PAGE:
It’s not just the curriculum delivery format that needs adjustment; different skill sets are better suited to different career paths. The WEF found that a combination of general business skills and specific technical skills will be needed to serve a shifting workforce. Forty-one percent of companies participating in their survey are shifting a significant portion of their work to freelancers, who in turn spend the majority of their time in online training programs keeping up to date with effective business tactics and the latest technologies.
Full-time employees, interestingly, spend more time using courses and materials about leadership skills, project and budget management, facilitating collaboration and diversity, and other general skills. While this suggests a growing distinction between the roles of full-timers versus freelancers, both types of worker will remain dependent on each other, and analytic and creative skills will be important for all professionals.
Employment Opportunity Inclusiveness
Today’s lesser-skilled workforce participants may have a more difficult time transitioning to new work. However, the above think tanks point to specific opportunities for blue-collar workers to participate directly in the AI-based economy. WEF points out that today’s data massive compilation, cleansing and annotation efforts, which are necessary for accurate AI models, usually have a human interpretation component. An example of this, highlighted by the OECD, are ‘cobots’ – robots that are intelligent and safe enough to operate next to a worker such as an auto body assembler.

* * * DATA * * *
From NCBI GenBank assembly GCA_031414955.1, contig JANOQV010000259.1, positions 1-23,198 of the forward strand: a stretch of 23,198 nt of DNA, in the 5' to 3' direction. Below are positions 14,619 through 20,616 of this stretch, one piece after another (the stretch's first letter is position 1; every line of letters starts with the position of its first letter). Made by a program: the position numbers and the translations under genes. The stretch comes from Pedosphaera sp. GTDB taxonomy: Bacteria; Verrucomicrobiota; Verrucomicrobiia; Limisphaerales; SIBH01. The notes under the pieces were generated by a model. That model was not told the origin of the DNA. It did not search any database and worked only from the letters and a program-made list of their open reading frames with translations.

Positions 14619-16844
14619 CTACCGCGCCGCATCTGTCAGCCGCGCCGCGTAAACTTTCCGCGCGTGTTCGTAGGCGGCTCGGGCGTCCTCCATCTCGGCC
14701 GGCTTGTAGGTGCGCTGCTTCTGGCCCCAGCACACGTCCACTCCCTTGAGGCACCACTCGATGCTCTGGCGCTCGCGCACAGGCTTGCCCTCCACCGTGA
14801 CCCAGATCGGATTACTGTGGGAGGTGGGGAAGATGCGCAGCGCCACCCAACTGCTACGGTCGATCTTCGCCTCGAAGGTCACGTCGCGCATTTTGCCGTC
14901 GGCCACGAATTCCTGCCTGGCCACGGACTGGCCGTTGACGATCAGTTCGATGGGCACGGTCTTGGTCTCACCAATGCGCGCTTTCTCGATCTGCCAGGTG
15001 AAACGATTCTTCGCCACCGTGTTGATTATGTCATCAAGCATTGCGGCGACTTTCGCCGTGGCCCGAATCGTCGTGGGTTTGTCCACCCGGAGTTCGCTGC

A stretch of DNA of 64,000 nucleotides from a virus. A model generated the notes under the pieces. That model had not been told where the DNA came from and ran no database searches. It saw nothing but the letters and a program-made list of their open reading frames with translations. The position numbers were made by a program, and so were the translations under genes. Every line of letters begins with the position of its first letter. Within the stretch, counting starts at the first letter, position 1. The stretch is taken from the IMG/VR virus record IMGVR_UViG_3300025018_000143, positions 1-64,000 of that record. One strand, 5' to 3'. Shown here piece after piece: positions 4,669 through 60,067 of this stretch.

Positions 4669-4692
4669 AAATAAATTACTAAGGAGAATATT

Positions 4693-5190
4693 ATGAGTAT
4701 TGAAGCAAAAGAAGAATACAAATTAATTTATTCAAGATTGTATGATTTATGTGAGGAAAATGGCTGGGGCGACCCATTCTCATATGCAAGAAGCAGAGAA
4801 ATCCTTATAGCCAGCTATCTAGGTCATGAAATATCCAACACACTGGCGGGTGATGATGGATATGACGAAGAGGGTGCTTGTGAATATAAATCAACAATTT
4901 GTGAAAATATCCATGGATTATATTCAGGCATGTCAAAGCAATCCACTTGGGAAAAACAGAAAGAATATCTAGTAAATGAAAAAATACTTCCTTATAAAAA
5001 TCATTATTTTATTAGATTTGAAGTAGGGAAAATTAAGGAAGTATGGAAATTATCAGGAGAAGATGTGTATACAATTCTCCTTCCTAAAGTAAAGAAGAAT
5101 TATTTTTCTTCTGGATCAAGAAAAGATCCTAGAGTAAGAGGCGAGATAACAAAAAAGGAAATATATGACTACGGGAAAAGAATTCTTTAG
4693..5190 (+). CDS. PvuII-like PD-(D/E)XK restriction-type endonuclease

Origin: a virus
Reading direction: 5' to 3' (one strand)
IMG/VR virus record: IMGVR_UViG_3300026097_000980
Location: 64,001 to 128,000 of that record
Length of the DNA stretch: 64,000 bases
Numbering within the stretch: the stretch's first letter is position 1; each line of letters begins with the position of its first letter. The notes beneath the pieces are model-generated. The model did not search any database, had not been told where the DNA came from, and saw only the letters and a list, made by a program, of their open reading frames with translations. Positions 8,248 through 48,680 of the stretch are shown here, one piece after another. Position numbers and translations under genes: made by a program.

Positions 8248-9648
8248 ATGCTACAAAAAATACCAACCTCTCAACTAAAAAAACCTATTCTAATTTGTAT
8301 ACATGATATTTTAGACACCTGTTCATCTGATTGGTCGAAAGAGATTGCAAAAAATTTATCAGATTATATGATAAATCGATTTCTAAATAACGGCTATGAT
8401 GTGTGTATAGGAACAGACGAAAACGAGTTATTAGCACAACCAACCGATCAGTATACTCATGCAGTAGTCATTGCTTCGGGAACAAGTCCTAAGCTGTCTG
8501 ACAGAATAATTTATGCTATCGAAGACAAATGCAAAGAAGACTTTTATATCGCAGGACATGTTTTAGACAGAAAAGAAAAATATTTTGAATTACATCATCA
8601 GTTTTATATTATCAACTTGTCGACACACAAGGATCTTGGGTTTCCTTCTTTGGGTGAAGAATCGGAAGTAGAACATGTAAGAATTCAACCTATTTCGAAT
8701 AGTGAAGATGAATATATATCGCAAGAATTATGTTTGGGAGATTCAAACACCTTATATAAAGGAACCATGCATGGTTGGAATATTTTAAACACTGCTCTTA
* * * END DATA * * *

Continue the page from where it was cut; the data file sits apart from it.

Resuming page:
Cobots take care of intensive tasks like lifting parts and measuring the quality of welding seams, while the worker is well-suited to adjusting welding steps based on the auto model, creating a manufacturing process that’s both flexible and efficient. These intelligent, silicon-based assistants are among the fastest-growing segments of the robotics market, proving that AI can work in tandem with humans, rather than instead of them.
Workforce diversity and inclusion represents an area of opportunity in this new era. AI as a computation technology is highly sensitive to value systems and perceptions as applied to new priorities and drawing insights. Therefore, it benefits organisations to seek diverse backgrounds among new hires, whether directly in software engineering and data science jobs or in the many roles relying on the application of that technology.
To achieve greater diversity, a Harvard Business Review author recommends applying anonymised, project-based candidate evaluation (instead of experience-based screening or keyword filtering, which are subject to bias). That expert’s research discovered over 60% of firms now provide take-home data assessments for candidates and another 20% require interview data mini-projects.
The Big Picture is Upbeat
In summary, a sample of widely-cited research literature on AI and employment paints an optimistic view about job creation and inclusivity, especially for knowledge workers. The future is not set in stone, however, and proactive steps taken by businesses, governments and NGOs, and individual workers, especially in terms of training, are needed to maximise AI’s economic benefits for all.
Scott Lichtman is a Marketing Director at BlackSwan Technologies. He has worked in strategy at Oracle and has helped lead numerous startups. Scott holds a computer science degree from MIT, an MBA from Harvard and a Masters in International Economics from LSE.